CRATER LAKE, Ore. — "Photos don't do it justice." That's what I'd heard from almost everyone I spoke with before embarking on my very first trip to Crater Lake National Park.
As I clicked through hundreds of photos in the Statesman Journal's photo archives, I considered myself prepared to feast my eyes on the giant body of water that everyone spoke so fondly of.
"Eh," I thought to myself. "A lake is a lake, right?"
As I drove my way up the hill toward the second-deepest lake in the world, my stomach did flip flops. This was my first camping trip of the summer, at one of the most beautiful places on Earth, and since camping ranks in my top five favorite activities, I couldn't contain my excitement. Tapping my fingers on the steering wheel and singing along with the music playing through my car speakers, I rounded the corner to see a flash of the bright blue water and my natural reaction wasn't something fit for print.
I cannot emphasize just how shocked I was to see the beautiful blue water of the massive lake — and it's true — photos don't even begin to do it justice.
After picking up three friends in Eugene, the three-hour drive flew by with the company of good music and great people, but as soon as we could, we hopped out of the car and started snapping photos. Eventually we got over the initial shock of the pure beauty and headed to our campsite about 8 miles away from Rim Drive — the road that encircles the lake.
For $21 per night, you can stay at the Mazama Campgrounds which are the closest campgrounds to the lake. The grounds have a variety of amenities including showers, restrooms, a small store, laundry services and more. Each campsite is rather large. Most are equipped with a picnic table, fire grate and a metal box to put food and or garbage in at night so the bears can't get into it. (Don't fret, a bear hasn't been seen at Crater Lake in more than two years.)
While the campsites are a great place to hang out in during the evening, I wasn't there to just sit around a fire, although that was wonderful. Saturday morning we awoke after a chilly slumber (it gets rather cold at night so pack warm clothes) and made some breakfast. Eggs, bacon, bagels and coffee made for a great start to the day. A word to the wise: bring a cast iron skillet. It may be the most valuable cooking tool you'll use while camping.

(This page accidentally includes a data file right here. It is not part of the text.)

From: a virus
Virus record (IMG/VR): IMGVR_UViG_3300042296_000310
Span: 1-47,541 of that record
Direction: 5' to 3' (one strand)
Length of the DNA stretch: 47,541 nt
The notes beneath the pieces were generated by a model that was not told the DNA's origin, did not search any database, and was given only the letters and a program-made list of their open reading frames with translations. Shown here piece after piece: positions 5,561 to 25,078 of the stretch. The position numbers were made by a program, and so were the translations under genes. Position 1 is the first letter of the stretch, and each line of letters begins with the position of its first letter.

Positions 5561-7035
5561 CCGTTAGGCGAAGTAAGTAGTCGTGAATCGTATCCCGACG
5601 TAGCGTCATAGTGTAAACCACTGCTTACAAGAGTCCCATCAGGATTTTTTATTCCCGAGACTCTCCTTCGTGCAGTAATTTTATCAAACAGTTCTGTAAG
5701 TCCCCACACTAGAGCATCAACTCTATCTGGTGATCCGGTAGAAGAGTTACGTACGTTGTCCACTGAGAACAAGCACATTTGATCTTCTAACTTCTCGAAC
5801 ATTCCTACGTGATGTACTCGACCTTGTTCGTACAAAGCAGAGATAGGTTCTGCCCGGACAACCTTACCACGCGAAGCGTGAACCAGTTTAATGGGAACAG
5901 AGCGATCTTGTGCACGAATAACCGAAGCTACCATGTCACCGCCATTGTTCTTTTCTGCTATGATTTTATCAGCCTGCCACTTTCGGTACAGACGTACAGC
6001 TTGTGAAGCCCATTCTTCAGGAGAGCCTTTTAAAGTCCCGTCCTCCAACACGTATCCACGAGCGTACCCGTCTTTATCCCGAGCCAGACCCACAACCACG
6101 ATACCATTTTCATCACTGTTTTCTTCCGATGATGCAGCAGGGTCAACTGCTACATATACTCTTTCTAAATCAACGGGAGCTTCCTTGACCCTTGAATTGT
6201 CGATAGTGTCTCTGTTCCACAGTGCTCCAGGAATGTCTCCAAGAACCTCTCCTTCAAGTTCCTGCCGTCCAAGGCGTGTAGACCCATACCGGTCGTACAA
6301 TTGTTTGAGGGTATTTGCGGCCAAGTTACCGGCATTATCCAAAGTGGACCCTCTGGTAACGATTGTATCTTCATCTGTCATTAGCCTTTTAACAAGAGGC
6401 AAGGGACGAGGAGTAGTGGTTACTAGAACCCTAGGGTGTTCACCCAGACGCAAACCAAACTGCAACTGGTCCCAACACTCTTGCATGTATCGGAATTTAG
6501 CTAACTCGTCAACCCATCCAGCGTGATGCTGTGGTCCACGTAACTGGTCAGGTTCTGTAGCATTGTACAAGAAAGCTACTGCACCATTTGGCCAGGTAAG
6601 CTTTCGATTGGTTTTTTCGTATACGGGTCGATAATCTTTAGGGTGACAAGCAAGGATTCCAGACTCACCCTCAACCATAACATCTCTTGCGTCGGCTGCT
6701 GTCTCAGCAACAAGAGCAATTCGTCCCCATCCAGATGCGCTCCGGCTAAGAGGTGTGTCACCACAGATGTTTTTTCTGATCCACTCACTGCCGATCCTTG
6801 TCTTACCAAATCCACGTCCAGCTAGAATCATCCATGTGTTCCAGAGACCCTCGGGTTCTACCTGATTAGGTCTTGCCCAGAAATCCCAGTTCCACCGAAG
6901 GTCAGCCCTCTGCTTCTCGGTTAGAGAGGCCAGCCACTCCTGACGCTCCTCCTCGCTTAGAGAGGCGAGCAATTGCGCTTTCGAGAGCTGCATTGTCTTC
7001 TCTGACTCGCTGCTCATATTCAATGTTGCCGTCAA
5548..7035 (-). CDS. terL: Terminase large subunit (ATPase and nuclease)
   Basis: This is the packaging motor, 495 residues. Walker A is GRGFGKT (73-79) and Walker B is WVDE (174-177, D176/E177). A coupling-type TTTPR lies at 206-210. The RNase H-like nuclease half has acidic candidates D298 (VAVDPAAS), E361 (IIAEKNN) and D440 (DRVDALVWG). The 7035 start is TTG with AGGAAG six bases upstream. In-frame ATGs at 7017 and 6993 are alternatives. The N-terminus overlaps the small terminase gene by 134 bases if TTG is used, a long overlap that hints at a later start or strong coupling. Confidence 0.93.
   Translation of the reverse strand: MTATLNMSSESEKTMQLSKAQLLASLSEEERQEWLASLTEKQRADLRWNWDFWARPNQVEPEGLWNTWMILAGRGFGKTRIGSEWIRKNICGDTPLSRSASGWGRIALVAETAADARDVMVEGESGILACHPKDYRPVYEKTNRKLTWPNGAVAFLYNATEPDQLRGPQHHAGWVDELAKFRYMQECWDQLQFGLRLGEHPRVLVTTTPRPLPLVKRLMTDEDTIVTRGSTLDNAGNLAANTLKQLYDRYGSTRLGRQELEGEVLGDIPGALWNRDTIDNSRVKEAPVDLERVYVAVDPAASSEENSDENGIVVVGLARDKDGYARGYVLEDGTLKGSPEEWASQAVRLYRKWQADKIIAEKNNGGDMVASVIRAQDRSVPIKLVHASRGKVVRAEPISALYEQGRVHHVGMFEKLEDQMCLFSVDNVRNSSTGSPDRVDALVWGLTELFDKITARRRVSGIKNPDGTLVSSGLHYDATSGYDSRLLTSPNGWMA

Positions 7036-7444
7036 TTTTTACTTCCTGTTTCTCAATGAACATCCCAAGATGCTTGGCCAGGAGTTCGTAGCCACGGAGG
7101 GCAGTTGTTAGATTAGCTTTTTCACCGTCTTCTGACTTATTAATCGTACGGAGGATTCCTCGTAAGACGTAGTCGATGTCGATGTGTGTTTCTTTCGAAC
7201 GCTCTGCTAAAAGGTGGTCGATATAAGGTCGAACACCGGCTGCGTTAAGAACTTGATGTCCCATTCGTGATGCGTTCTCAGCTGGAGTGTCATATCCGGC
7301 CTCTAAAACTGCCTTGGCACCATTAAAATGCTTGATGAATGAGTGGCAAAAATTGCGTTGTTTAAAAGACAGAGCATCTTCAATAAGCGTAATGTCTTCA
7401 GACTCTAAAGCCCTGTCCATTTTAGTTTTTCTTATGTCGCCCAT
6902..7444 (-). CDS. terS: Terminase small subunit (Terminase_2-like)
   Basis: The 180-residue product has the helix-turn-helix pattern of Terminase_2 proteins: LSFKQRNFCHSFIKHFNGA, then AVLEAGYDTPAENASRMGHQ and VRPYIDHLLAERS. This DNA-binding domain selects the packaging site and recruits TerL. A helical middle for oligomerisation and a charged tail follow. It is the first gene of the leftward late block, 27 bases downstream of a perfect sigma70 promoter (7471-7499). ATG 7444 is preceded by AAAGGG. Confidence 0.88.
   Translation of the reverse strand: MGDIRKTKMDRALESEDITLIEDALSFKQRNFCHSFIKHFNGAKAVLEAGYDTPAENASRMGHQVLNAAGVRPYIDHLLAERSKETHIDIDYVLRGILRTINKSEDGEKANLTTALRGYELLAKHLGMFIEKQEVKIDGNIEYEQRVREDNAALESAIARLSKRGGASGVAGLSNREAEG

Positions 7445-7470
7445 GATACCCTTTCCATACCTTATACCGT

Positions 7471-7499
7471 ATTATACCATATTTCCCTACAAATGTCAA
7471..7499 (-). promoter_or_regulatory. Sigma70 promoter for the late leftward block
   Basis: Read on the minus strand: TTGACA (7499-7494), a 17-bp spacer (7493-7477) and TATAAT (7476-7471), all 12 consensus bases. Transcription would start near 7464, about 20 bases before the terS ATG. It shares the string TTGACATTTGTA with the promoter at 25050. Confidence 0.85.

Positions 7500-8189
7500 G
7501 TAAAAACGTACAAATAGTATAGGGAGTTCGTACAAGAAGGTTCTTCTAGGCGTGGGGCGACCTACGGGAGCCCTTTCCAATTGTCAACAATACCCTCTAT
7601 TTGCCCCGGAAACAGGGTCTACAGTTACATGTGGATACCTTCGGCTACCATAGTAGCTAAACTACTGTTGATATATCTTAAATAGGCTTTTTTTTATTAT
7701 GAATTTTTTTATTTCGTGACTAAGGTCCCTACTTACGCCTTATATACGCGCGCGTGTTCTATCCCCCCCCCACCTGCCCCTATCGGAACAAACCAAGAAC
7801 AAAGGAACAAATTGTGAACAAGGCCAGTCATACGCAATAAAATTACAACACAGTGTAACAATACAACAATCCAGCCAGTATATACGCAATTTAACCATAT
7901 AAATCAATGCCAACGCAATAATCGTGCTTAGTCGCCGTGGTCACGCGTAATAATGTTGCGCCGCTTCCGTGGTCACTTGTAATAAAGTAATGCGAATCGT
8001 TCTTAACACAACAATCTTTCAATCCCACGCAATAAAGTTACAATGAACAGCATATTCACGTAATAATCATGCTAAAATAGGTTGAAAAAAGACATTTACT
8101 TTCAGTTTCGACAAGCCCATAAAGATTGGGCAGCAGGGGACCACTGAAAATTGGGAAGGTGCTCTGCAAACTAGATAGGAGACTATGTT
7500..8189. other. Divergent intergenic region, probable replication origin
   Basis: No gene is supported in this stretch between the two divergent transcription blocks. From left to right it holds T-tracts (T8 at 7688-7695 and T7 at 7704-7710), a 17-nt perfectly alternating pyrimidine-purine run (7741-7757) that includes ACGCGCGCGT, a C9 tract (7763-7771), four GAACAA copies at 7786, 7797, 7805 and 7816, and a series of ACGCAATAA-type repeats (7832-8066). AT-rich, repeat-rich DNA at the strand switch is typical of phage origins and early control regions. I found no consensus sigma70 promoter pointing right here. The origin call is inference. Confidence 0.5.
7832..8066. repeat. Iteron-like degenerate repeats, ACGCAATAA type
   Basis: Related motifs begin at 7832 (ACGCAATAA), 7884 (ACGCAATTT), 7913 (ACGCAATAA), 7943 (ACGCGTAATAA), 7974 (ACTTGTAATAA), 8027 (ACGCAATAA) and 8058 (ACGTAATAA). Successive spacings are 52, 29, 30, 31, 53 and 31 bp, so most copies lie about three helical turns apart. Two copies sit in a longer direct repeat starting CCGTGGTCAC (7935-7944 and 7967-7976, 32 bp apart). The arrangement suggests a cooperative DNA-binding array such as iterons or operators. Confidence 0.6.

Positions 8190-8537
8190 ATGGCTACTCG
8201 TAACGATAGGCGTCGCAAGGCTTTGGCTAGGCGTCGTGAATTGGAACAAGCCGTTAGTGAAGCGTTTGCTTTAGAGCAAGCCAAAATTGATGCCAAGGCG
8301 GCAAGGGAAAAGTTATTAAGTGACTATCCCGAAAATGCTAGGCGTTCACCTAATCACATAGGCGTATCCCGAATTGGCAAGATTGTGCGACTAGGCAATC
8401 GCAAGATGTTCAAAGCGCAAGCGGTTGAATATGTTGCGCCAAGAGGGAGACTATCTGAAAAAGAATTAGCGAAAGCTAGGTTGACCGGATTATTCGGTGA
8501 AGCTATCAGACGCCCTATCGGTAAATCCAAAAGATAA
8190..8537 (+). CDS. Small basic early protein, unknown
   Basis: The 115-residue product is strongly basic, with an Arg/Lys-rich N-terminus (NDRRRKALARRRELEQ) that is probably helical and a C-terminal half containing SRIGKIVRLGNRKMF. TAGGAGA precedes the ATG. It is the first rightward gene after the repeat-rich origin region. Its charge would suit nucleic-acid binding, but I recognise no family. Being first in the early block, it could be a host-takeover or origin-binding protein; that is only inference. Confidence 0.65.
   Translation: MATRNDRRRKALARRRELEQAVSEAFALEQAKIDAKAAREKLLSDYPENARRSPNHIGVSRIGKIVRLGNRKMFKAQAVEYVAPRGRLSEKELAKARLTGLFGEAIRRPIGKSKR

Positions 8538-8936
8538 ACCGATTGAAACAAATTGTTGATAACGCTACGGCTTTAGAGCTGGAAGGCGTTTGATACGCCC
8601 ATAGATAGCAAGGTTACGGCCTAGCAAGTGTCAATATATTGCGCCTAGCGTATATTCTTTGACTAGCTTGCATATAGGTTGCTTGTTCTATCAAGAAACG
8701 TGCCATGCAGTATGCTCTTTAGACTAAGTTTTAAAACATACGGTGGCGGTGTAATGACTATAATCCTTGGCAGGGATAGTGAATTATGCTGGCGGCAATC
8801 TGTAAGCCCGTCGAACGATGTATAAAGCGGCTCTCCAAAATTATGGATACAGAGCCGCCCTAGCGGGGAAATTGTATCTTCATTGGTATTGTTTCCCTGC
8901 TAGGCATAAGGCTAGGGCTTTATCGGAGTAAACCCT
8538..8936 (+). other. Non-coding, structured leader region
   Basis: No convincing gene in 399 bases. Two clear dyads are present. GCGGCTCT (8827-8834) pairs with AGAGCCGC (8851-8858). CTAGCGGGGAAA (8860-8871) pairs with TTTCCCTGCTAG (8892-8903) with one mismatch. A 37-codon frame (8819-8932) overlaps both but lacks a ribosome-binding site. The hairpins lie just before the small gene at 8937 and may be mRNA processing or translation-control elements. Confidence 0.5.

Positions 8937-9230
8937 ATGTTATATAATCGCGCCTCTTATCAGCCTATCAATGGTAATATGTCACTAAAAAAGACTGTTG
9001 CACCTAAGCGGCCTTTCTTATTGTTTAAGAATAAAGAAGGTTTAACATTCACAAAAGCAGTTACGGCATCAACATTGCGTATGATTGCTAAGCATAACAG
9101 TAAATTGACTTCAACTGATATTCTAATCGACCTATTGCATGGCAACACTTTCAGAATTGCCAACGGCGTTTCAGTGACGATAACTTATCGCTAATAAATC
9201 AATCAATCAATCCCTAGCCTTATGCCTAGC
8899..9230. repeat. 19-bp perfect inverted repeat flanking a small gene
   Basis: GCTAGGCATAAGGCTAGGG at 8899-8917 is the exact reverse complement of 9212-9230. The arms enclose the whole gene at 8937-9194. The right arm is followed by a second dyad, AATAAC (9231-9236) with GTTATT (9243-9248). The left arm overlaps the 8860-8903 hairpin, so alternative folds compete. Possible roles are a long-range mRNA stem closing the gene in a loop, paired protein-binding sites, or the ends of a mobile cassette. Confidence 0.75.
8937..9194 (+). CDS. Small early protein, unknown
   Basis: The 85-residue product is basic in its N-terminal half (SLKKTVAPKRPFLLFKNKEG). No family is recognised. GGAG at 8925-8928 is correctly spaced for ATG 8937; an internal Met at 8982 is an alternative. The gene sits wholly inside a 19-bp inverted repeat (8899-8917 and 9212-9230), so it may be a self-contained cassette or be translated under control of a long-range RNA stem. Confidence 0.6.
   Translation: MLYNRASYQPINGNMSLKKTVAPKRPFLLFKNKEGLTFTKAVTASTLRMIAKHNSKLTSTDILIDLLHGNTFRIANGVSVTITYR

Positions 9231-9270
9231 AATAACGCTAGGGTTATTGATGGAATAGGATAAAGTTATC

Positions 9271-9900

After a camping feast, we packed our backpack with snacks, sunscreen, swimsuits and bug spray and set out for a hike. Since it's still very early in the season for summer activities at Crater Lake, many of the trails were still closed due to snow and unsafe conditions. We decided a trek down to the water was necessary, and got on Cleetwood Cove Trail, a 2.2-mile hike round trip. Side note: the Mazama Campgrounds are about 8 miles away from Cleetwood Cove, so you have to drive to get there, but there's ample parking near the trailhead.
The hike is made up of several steep switch backs and takes about 30 minutes to descend. On the way down I couldn't help but to continuously take photos, as the view just keeps getting better. Once at the bottom, a rocky lake shore leads to the crystal blue waters of the 1,943-foot deep, 6.03-mile wide lake.
It was the first time that three out of the four of us had ever been to Crater Lake, therefore a jump in the water was necessary. After scouting out a good spot on a giant rock, we took turns jumping into the water, ice cold from the season's melted snow. The initial shock of the freezing water took my breath away and chilled me to the bone.
But it was worth it.
After drying off and warming up we headed back up the steep trail toward the car. While the switchbacks seem pretty daunting, and are rather steep, the trail has strategically placed benches throughout for the hikers to sit and catch their breath. (I consider myself to be in pretty good shape and even I stopped a few times, partly to admire the beautiful view.)
Back at the top of the trail, the view was incredible. We walked up the closed road a little bit to see the lake from a different perspective, and from higher points on Rim Drive, the lake seems like something out of a fairy tale — completely unreal.
For those who have never been to Crater Lake I highly recommend visiting this summer — it's a phenomenal spot.
If you go
What: Crater Lake National Park
GPS: 42.965009, -122.150455
When: The park is always open, but some of the roads and facilities are closed during the winter. For more information on the facilities, weather, trails, roads, and current conditions go to nps.gov/crla/planyourvisit/current-conditions.htm.
Directions: Head South on Interstate 5 for 65 miles to take exit 188 toward Oakridge / Klamath Falls and after .4 miles merge onto Highway 58. After 86 miles take the ramp onto Highway 97S for 18 miles and then turn right onto Highway 138W for 15 miles. Take a left onto Highway 209 / Crater Lake Highway N.
(asterisk)(asterisk) Note: There's construction on Interstate 5 just south of Cottage Grove. The actual construction site is only eight miles long, but since the freeway is limited to only one lane on each side for those eight miles, it causes serious delays. On a Sunday evening we sat still for more than an hour.
Also, the mosquitoes are terrible this time of year so bring bug spray and lots of clothing to cover your body especially in the evening.
The original story can be found on the Statesman Journal's website: http://stjr.nl/1iS55al
Information from: Statesman Journal, http://www.statesmanjournal.com